Global investment market commentary from Marino Valensise, Head of Asset Allocation and Chairman of the Strategic Policy Group at Baring Asset Management

In our view, the US economy has proven resilient of late, enjoying improvements in employment and a reasonable rate of economic growth. However, since late summer, we have seen a number of data releases signalling weaker global economic activity, particularly in Europe. And in the second half of September, market participants finally woke up to this weaker data with a sell-off in riskier assets.

By mid-October, the release of the September US Retail Sales number provoked an even sharper market rout. It was a truly violent market reaction for such a small disappointment: the figure came in at -0.3% instead of the -0.1% consensus expectation. The fear was that the economic weakness in Europe had spread to the US.

We stand firm in our positive view on the US economy. In terms of economic data, the US is an economic bright spot and we believe it will continue to be supported by lower unemployment, which should likely sustain the strength of the US consumer sector. An extra source of help should be provided by declining energy prices. The US GDP figure rose to 3.5% (annualised) in Q3 2014 and we believe that future economic data releases will remain strong.

In Europe, however, the plan to revive growth has not been powerful enough and the prolonged agony of many lending institutions leaves businesses starved for funding. In a world in which economic activity is slowing, European exporters are now suffering, and this is becoming apparent in Germany. If Germany suffers enough, the intellectual debate on quantitative easing might be resolved positively, as political support for more aggressive European Central Bank action will grow: quantitative easing, also through a weaker euro currency, may come to the rescue.

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However, we feel with bond yields already at a low level, European quantitative easing may be less successful than in the US in fostering economic growth. And, in the short term, it may also require a worsening in German economic conditions for the necessary political consensus to be achieved. All this weighs on our view for both economic growth and corporate earnings on the continent.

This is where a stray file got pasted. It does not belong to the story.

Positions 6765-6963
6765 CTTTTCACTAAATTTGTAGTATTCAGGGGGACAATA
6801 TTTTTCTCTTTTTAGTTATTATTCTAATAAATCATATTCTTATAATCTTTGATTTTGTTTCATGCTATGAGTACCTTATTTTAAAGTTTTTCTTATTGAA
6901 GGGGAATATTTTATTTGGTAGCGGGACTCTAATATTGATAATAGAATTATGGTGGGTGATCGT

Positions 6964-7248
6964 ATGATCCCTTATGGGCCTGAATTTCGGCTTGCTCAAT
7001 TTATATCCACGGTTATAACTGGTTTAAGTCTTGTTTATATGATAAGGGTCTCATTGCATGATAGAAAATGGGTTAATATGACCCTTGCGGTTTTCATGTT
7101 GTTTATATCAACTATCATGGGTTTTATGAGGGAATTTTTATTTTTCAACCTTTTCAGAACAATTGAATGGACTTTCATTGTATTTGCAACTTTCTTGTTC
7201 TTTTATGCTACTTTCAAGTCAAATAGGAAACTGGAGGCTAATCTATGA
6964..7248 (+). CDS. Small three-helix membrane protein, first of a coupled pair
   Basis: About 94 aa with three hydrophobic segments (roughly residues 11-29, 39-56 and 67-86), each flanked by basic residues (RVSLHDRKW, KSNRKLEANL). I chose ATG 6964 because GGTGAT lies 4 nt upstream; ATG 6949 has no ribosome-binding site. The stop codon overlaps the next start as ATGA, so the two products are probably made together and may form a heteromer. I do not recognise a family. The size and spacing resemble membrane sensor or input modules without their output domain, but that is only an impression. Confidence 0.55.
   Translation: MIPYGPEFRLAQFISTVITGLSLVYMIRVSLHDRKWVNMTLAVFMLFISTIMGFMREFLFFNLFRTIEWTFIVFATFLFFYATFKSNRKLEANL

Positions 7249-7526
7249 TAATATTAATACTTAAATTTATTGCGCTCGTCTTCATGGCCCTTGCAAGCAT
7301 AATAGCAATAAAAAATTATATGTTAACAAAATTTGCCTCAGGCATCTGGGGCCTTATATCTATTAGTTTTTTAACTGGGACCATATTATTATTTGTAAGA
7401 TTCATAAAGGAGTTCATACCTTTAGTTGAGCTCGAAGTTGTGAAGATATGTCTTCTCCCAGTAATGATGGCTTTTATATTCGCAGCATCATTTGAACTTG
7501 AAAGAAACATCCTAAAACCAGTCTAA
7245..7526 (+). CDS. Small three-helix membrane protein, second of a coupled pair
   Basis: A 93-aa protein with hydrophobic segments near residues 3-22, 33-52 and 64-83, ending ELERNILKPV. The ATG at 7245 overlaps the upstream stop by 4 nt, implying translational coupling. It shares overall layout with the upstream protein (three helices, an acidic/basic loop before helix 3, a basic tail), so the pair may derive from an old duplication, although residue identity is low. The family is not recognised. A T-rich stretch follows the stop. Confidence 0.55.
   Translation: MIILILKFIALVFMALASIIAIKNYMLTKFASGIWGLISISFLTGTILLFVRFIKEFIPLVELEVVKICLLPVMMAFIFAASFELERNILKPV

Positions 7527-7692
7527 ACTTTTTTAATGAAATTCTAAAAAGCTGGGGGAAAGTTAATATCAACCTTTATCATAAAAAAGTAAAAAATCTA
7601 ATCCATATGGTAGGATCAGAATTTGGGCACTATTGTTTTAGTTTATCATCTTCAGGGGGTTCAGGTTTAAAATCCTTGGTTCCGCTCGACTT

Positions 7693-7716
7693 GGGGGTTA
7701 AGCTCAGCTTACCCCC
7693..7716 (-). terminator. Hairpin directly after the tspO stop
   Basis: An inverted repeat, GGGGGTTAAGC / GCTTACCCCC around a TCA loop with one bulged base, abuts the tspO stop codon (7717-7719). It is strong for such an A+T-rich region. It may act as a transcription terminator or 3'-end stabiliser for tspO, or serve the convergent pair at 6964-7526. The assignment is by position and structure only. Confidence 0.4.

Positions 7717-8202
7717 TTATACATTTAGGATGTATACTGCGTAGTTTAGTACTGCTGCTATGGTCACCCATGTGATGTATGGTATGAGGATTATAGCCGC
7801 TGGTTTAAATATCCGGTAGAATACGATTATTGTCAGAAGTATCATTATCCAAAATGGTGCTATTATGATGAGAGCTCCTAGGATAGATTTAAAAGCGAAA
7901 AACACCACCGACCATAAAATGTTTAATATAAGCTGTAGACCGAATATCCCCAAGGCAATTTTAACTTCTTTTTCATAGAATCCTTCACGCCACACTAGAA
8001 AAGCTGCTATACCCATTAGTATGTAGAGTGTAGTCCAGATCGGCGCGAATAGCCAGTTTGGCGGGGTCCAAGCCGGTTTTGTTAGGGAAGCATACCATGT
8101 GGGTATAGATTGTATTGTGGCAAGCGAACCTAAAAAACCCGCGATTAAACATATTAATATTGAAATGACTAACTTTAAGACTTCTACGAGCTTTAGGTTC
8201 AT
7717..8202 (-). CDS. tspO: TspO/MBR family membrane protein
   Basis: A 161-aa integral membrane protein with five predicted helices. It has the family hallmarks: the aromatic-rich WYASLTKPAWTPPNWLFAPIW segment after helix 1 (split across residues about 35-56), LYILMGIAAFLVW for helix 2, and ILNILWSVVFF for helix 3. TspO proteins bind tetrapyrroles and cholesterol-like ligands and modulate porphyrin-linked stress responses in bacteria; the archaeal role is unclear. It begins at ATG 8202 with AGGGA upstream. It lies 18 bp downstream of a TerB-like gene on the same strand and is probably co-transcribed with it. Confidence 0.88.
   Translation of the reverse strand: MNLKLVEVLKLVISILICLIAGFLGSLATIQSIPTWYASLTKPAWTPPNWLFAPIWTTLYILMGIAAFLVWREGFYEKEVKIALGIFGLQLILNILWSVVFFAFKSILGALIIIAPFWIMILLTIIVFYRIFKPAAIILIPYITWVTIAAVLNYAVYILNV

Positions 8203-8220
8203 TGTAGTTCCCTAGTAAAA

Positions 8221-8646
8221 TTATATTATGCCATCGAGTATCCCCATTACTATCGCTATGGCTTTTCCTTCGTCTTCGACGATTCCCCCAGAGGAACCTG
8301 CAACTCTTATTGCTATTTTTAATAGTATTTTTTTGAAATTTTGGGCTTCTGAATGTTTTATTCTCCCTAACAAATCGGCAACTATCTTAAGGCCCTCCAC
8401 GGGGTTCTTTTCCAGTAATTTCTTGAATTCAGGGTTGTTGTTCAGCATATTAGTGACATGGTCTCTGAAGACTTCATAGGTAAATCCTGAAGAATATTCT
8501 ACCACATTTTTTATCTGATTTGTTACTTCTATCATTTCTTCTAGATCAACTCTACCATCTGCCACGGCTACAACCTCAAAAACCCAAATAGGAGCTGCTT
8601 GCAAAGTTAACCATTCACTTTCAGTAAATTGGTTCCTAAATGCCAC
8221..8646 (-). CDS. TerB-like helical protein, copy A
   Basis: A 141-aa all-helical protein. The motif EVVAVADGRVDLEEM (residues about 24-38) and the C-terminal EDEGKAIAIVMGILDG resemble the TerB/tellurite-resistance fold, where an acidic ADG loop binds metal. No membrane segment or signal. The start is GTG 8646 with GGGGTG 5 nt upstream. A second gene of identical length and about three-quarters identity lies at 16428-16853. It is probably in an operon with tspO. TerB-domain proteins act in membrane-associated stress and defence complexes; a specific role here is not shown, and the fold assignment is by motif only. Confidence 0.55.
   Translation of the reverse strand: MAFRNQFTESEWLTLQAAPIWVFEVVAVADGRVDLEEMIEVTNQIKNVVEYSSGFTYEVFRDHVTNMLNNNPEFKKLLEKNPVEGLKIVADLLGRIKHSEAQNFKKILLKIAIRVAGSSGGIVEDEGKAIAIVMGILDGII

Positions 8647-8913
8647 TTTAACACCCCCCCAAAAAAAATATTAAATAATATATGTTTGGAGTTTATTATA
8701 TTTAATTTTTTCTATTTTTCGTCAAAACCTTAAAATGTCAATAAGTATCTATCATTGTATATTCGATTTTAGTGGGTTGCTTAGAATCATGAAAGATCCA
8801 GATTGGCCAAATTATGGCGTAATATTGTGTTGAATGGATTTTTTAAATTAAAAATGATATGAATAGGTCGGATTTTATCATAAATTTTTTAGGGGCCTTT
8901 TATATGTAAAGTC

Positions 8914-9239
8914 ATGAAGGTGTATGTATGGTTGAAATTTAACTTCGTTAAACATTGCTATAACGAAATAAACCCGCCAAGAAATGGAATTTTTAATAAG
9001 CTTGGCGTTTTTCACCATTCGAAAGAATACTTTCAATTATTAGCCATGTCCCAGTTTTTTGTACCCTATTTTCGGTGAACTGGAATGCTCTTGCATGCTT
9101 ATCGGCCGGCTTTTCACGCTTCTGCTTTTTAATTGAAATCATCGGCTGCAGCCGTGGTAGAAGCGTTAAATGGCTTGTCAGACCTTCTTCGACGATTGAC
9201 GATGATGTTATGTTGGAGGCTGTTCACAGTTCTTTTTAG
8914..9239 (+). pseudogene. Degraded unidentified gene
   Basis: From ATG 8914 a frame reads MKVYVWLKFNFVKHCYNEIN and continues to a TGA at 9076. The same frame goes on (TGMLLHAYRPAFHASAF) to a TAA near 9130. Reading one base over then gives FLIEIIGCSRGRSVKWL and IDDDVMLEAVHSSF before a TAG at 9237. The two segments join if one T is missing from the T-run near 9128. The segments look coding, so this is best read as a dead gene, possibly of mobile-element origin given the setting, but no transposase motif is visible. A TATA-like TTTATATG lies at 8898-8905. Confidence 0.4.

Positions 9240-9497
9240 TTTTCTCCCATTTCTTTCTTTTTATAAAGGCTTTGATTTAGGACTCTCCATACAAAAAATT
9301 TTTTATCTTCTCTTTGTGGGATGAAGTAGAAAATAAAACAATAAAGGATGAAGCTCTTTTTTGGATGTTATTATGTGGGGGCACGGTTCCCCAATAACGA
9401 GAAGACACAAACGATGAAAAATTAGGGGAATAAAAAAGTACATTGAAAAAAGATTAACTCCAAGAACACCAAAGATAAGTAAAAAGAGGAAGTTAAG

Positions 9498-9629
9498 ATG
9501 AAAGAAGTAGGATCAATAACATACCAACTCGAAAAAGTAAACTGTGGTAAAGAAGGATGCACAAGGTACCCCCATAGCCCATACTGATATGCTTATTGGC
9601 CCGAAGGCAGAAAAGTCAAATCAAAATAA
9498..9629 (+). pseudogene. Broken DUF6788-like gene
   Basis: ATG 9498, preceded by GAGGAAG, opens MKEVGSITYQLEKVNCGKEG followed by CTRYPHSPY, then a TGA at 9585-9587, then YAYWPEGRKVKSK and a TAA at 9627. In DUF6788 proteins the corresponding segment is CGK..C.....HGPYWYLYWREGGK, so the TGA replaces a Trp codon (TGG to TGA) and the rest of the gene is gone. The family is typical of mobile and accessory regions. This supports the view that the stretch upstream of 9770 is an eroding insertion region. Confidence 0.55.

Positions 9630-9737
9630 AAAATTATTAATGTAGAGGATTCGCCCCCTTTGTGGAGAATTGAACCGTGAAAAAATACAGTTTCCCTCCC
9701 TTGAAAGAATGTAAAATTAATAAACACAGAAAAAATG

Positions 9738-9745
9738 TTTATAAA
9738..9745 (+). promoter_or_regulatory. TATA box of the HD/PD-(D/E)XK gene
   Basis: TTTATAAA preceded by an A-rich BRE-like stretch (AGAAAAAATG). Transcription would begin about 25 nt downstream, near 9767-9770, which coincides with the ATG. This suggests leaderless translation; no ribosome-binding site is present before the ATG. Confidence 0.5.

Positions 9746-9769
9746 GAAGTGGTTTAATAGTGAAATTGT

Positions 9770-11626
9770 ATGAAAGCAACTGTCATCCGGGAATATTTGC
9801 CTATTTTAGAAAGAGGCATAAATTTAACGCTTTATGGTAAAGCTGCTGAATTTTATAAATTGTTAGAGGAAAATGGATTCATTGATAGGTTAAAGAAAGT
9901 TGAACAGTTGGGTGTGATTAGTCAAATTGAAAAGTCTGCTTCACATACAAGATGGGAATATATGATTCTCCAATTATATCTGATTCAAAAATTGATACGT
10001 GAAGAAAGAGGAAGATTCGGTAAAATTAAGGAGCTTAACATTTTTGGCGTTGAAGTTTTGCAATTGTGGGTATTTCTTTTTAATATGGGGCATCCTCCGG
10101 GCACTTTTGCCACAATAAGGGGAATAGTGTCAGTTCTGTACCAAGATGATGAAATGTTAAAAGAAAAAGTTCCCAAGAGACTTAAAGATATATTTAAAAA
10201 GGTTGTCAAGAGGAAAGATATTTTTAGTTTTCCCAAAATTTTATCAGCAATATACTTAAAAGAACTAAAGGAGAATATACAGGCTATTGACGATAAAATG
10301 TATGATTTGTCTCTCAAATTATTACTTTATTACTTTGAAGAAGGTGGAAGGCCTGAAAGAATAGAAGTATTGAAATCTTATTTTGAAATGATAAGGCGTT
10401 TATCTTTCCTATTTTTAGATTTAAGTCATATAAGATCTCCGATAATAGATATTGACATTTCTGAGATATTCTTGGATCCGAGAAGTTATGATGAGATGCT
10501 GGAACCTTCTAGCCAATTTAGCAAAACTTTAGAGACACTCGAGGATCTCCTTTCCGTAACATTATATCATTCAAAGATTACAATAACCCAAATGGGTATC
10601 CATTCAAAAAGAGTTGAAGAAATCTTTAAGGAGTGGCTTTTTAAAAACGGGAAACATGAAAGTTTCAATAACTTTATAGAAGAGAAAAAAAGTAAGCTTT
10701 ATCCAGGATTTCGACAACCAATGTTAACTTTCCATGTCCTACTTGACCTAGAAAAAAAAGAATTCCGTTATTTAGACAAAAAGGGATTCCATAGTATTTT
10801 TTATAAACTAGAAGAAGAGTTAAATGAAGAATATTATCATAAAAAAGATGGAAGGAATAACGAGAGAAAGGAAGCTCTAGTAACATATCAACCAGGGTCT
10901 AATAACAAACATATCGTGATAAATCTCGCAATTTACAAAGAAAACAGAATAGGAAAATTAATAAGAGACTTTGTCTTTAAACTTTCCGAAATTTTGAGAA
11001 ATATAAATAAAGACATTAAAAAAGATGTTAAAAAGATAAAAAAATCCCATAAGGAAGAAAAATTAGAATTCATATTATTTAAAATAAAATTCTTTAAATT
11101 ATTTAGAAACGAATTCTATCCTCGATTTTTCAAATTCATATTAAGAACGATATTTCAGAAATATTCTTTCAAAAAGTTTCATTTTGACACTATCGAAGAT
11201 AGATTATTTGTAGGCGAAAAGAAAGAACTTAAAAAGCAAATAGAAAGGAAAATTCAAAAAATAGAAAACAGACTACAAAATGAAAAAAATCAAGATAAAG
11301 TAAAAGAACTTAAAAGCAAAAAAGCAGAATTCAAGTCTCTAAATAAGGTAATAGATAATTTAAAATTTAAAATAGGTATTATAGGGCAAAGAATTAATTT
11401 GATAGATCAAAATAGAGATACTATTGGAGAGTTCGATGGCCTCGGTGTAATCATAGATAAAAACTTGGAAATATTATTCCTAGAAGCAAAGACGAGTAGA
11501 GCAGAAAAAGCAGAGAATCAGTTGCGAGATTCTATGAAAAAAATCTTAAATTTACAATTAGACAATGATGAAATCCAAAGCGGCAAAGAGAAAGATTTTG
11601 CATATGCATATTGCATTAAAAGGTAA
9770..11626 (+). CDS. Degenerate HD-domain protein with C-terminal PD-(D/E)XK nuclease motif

In Japan, corporate earnings continue to do well. Within the government, a debate is taking place on when to introduce an additional VAT increase (the second time); we are convinced that this will need to be postponed, unless implemented together with tax reforms to ease the burden for the corporate sector. This will be a key decision for the evolution of Japanese economic growth for the next 6-12 months. We will have greater visibility in early December. A positive resolution will open the door for much better growth and corporate profitability.

In emerging markets, the picture is mixed, with more than a few countries facing structural challenges. The data in China continues to be murky. Economic conditions might be worse than feared. Certainly, a broad range of indicators, as well as the external environment, point in that direction.

From our perspective, in a world where global growth has somewhat slowed we see US inflation being kept low by a variety of factors such as the stronger US dollar and lower oil price. We believe that the US Federal Reserve will have no reason to rush into raising interest rates. "Lower for longer" will be the name of the game. This view determines our stance on asset allocation.

We remain neutral on equities, as our equity risk premium indicators do not signal that valuations are excessively high. Within equities, we continue to prefer the US and Japan, as we have indicated above. However, recognising that global growth may be marginally slower, we have upgraded our view of Telecoms, while downgrading the more cyclical Industrials and Materials to a more neutral stance.

Elsewhere, we have upgraded inflation-linked securities (US TIPS). We believe there are opportunities to be found among these securities, even in this low inflation environment where small rises in inflation can add to value.

Lastly, US high yield bonds are also approaching better value levels after the recent market movements and have therefore been upgraded to a more positive view.

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